PSA - Knock Off Horns

Hey Gang,

We wanted to take some time to share information with you regarding online instrument sales. We had a customer come in that was really proud of the great deal they got on a Selmer Paris Reference 54 Tenor Sax. The instrument is marked with the correct logo and model, and it says, “Made in France”, but this isn’t a guarantee that you have found the real deal.

Here are a few clues that can help you determine if you’re purchasing a genuine article:

The Price
Be conscious of how much the instrument you’re interested in purchasing is selling for elsewhere. If it’s $10,000 at 99% of instrument retailers, and it’s $1,000 on one website, ask yourself why that would be. If it seems too good to be true, it probably is.

Laser Etched VS Stamped
Professional quality instruments will have the logo stamped, not laser etched. You can usually tell by looking at an image, but you’d definitely be able to feel the difference as the stamp is an indentation.

Exotic Colors
Sometimes phony horn sellers will offer instruments in exotic colors that the true manufacturer does not offer. Always reference the manufacturer’s website to see what model variations are in production.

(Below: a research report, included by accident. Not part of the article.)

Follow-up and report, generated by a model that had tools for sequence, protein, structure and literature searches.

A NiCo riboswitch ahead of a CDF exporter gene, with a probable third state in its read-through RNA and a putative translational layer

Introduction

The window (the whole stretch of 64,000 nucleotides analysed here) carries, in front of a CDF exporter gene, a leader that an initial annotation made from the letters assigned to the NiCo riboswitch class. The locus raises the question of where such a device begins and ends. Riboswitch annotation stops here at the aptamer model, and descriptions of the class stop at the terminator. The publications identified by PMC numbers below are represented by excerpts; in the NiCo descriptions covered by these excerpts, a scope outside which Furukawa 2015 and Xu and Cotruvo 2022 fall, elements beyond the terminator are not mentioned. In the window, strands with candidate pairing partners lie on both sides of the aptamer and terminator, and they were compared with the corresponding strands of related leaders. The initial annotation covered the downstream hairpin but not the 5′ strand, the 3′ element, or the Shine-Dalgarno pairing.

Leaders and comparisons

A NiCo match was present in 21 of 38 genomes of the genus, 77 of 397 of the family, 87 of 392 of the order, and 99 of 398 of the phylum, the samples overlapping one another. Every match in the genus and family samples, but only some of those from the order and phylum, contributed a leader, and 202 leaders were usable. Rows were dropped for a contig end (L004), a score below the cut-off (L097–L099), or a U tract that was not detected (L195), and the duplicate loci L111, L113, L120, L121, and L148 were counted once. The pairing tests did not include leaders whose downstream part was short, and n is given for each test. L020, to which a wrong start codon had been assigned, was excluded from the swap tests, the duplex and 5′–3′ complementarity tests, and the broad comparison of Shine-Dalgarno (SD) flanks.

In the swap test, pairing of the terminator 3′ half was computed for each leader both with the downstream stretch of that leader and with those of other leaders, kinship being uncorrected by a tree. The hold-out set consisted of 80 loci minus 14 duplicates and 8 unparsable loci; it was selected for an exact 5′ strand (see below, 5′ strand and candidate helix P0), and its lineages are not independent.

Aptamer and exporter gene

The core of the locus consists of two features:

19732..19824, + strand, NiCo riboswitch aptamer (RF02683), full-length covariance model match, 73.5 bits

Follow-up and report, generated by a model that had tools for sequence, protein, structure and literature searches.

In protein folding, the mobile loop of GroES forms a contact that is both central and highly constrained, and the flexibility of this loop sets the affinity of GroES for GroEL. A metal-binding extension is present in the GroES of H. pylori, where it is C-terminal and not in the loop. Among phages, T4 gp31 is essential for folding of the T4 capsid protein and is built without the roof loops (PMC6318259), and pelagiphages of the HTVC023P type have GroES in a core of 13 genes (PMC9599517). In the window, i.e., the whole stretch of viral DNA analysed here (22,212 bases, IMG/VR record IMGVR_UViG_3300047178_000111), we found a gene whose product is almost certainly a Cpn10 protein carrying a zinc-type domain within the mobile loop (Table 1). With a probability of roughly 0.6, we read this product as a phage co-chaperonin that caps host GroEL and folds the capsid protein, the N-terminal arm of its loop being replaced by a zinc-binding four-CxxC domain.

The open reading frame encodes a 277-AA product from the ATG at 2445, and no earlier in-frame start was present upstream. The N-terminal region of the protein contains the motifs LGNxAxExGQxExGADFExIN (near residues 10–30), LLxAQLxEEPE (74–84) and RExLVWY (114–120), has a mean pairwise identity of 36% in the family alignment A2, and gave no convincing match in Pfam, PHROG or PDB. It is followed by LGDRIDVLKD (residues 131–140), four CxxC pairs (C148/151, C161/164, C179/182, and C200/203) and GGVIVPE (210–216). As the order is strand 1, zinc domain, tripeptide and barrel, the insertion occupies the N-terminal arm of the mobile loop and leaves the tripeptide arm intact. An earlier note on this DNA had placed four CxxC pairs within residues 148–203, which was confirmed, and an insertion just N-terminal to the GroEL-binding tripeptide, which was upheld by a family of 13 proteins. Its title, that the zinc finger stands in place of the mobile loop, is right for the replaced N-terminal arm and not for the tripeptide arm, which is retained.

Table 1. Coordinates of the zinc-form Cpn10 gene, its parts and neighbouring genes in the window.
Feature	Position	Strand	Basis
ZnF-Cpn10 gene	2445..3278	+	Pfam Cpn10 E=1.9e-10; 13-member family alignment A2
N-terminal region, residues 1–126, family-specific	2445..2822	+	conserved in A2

Sloppy Keys
Horns that are a copy can often be difficult to play even being brand new. The keys will have slop, and you may notice that something just doesn’t feel right. A lot of these horns are made by referencing photographs of the genuine instrument and trying to replicate it.

The internet is not a bad place, and there are a number of deals you can find. We just urge you to use caution. The safest way to shop online is to visit manufacturer’s websites. They will list all of the products they manufacture and they will list authorized dealers that you can make a purchase from.

We’re always here for you to answer any questions or address any concerns you may have when buying an instrument for yourself or your student.